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As others said, the Apocalypses only highlight the changes. A real over-complication would mean e.g. to invent new assignation operators, make Hashes and Arrays just Objects held in scalars (%hash{foo} becomes $hash.get('foo')), to throw away all this list stuff at all ( @a = (@b,@c) becomes $a = array_merge($b,$c) like in PHP, bäh) . That would be horrible.

What does Apocalypse 6 introduce: Subroutines signatures, at last subroutine calls can be optimized at compile time, no more Perl's-subroutines-slowyoudown-trolls. This is nothing impractical, nearly every popular language has that "feature". Even more: named arguments, we're movng towards completely self-documenting code, and they can and will be optimized by the compiler as well: no memory- and time-consuming hashes to extract named arguments. This is no artificial invention, we know and love it from Perl5, a language with a lot of cool features we shouldn't forget ;)

Marking Arguments as constant: nothing new, plain old C 'const'. Marking them as rw: good old Perl5, access to parameters without messing around with pointers/references, no more than 'is rw', just as 'var' in Pascal. Slurpy lists using the * character: I already find that natural as the array flattening operator is the * as well.

Making arrays arrayrefs in scalar context: How logical, i didn't count how often newbies ask why 'function(@a,@b)' woudn't do what they want. It is straight-forward.

Seperating methods from subroutines does not only improve readability, it solves a lot of problems we had with OO (inheritance, private stuff, shooting your base class in the foot). It again allows optimizations at compile time. Other languages don't allow you too: In Java it's all methods, in Perl5 it's all subs; Perl6 lets you decide and get the optimum, you even have submethods.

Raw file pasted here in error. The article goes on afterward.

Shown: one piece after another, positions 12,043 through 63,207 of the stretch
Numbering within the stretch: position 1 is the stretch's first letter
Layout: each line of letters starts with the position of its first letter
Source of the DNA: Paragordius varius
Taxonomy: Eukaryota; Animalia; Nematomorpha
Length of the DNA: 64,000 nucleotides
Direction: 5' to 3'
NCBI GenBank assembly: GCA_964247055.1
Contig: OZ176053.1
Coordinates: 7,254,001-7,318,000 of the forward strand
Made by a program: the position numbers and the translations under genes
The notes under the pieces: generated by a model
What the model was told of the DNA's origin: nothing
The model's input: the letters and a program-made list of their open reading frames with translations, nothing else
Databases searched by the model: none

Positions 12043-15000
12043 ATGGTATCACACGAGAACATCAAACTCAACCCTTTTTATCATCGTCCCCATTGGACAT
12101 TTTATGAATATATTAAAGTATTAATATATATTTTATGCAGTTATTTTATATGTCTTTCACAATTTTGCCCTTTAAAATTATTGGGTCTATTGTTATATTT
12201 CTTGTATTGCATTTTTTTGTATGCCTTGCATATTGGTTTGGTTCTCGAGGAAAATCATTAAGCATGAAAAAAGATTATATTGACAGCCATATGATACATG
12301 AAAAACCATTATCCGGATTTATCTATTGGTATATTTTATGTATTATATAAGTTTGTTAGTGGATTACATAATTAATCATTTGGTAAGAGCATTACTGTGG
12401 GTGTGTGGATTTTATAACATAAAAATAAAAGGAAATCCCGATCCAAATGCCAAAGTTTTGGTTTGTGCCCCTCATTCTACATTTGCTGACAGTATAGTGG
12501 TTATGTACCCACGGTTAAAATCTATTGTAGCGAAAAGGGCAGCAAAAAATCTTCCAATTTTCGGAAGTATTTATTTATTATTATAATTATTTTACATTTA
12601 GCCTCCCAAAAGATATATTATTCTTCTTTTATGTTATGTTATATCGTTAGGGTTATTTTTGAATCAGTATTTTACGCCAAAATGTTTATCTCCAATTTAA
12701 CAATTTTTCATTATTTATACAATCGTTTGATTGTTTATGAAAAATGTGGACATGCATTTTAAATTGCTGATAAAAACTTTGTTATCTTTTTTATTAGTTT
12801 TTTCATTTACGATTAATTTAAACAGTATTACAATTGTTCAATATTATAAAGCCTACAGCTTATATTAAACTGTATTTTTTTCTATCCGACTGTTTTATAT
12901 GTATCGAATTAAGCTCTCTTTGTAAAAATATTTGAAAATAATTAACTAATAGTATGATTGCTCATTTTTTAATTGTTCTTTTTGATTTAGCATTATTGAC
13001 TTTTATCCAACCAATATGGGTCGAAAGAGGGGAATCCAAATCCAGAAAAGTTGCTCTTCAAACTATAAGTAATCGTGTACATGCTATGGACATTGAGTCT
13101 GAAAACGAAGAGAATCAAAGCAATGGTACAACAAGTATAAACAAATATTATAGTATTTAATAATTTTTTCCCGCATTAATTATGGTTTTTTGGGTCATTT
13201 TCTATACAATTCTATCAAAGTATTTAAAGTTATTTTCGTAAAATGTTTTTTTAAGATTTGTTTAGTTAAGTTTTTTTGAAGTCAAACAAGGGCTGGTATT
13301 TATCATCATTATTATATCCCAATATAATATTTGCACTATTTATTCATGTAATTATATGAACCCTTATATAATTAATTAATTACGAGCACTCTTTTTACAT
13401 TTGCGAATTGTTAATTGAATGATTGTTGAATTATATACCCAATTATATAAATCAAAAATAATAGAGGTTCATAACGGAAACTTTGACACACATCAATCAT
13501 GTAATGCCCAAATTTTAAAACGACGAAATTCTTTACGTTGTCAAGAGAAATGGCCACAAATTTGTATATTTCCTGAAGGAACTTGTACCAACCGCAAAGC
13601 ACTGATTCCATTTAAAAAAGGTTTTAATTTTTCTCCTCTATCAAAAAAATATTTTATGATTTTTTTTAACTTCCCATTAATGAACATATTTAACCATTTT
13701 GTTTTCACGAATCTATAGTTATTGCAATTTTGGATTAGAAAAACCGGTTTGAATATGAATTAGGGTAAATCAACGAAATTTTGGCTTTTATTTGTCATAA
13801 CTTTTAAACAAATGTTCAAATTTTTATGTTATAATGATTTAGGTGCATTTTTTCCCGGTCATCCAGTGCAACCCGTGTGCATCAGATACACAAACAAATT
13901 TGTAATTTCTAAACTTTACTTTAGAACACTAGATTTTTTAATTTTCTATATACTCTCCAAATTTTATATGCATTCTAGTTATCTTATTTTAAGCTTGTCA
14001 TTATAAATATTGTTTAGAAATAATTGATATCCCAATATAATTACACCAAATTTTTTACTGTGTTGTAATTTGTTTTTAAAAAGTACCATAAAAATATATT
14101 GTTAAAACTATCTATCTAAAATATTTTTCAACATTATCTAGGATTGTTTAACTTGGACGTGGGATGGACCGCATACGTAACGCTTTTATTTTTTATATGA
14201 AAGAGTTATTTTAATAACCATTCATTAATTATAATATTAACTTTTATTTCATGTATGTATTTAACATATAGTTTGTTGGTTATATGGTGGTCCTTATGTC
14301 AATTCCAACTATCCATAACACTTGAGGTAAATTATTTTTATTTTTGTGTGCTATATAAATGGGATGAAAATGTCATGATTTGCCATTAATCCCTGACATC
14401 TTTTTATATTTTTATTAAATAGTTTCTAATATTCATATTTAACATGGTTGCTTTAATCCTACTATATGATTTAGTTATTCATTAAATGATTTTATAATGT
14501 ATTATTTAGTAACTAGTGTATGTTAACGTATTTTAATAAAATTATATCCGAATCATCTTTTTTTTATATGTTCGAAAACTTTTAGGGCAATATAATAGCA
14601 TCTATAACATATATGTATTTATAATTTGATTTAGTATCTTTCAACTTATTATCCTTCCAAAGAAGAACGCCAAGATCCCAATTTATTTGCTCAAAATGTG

Macros, old thing, known to be powerfull. They are no new concept.

Shortcut arguments ($^a ...) reduce the complexity without breaking the principles or would you rather like:

sort sub ($a,$b) { $a <=> $b } whatever #instead of sort { $^a <=> $^b } whatever

The latter is more or less nearly Perl5, only that you cannot break things when you use $a and $b somewhere.

In the end, it's not more complex than Perl5, but it can do more than Perl5 (and faster). As a parallel story: When I look at Perl5 formats, i think they're strange and their use is too complex (think of all the strange variables). I never used formats, and they never disturbed me for a few years of excessive Perl programming, althought they were always there. They'll be removed in Perl6 core (see Apocalypse 7 ;), because they've proven not to be too interesting for the majority of tasks. Why should things that turn out to be bloated theory disturb you in your work with Perl6? Just don't use them.

--
http://fruiture.de

In reply to Re: Perl 6 is too complex by fruiture
in thread Perl 6 is too complex by Anonymous Monk

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